"It is not exactly that he lies, but Alan Greenspan certainly ranks among the most duplicitous figures to serve in modern American government. Using his exalted status as economic wizard, the Federal Reserve chairman regularly corrupts the political dialogue by sowing outrageously false impressions among gullible members of Congress and adoring financial reporters. These distortions are not harmless; they become solemn writ for lawmakers and opinionmongers. Greenspan is especially destructive when he opines on public matters outside his supposed expertise as a central banker. His thinking is still anchored by Ayn Rand's brittle social philosophy: Let the strong prevail, let the weak pay for their weakness.

The Fed chairman's recent remarks on Social Security and the federal budget deficits offer a particularly chilling example. In a House budget hearing, he elided the two subjects in a way that produced predictable scare headlines and chin-wagging editorials. The deficits must be dealt with promptly, he warned, because the baby boomers are about to retire. Then Social Security will be in trouble. And so government must cut benefits now, before it's too late. "I am just basically saying that we are overcommitted at this stage," he explained. "You don't have the resources to do it all."

That sounds like manly wisdom. Greenspan was widely praised for courage. He should more properly be pilloried for gross mendacity. He is proposing a con job on ordinary working Americans--a bait-and-switch game on a grand scale--in which the payroll taxes they paid into Social Security over many years will now be diverted to other purposes, including the generous tax reductions G.W. Bush has enacted for the very wealthy and the corporations. It doesn't sound so noble when you put it that way. Greenspan knows these facts but also knows his big lie will probably endure as conventional wisdom..."


Support Of Right Wing Agenda (For The Elimination of All Social Programs)

Greenspan Testimony Highlights Bush Plan for Deliberate Federal Bankruptcy
Here
During his February 25 testimony before the House Budget Committee, Federal Reserve Chairman Alan Greenspan generated sensational national headlines by recommending that President Bush's $1.5 trillion in tax cuts be made permanent while Social Security and Medicare benefits be dramatically cut to achieve long term deficit reduction and a balanced budget.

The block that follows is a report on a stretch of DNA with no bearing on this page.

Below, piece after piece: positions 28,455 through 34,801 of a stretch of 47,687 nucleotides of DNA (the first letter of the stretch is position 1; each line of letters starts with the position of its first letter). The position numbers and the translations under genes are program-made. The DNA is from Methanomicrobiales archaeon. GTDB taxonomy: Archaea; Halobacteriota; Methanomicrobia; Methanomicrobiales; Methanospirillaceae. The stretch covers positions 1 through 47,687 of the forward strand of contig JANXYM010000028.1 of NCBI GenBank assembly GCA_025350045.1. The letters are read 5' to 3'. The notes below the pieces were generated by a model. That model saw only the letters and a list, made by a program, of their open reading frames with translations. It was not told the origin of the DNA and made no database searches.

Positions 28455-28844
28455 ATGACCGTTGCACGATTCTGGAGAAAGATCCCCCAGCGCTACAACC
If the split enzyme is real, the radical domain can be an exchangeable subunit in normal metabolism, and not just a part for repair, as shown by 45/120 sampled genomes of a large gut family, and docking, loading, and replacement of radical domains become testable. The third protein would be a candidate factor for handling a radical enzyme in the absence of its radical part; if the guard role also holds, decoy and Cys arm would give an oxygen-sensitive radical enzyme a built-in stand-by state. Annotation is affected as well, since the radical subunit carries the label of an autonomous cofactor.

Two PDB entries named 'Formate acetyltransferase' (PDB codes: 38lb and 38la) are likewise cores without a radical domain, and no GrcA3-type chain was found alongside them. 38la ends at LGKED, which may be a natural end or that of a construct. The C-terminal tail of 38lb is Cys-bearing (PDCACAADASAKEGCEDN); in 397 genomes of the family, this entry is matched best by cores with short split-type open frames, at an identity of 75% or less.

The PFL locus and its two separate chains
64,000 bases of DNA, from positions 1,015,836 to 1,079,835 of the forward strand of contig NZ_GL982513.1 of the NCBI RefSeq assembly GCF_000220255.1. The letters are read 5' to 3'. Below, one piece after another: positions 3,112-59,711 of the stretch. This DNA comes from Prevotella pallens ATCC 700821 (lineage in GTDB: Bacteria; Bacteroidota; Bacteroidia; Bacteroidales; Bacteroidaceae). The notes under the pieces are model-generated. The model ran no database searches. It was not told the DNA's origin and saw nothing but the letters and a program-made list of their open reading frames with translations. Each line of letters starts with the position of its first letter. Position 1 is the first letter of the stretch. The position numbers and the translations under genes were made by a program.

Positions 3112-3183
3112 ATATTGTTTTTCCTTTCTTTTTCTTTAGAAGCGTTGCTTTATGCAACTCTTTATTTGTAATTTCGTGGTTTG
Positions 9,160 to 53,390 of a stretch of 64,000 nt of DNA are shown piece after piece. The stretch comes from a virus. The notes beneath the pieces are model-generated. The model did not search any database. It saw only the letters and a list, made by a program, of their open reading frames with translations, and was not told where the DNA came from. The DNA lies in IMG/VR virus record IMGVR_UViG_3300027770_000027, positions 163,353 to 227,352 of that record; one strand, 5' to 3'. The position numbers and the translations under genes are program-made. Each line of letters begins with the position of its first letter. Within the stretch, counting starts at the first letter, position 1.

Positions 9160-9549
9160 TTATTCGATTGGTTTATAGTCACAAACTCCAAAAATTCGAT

In spite of the media furor and across the board condemnation by the remaining Democratic presidential candidates, there should be no reason for surprise at Greenspan's remarks. In his capacity as shill for the Bush administration, the Chairman's recommendations make perfect sense, as long as one is not foolish enough to believe the window dressing about a long term balanced budget. Mr. Greenspan is laying the groundwork for a second Bush administration, not a balanced budget. His remarks, and most of the economic policies of the Bush administration, can only be understood against the backdrop of the little remarked right wing agenda of deliberate federal bankruptcy.


Greenspan is a Failure, Tell your congressman NOT to confirm his appointment!
Anyone who bends to political pressure and who serves in a position of trust should be removed from office and certainly not rewarded with increased government employment. (Especially given the consequences of his actions!) Alan Greenspan has disregarded sound economic thinking and betrayed the good of the US for the good of a few in government and business. He lacks clarity, vision and understanding.
This is not a minor appointment. This has to do with the future of this country and its citizens. Reappointment is a vote for more policies of failure and increased separation of rich and poor. It goes against the very policies of equality that this country was founded on and supported for over two hundred years.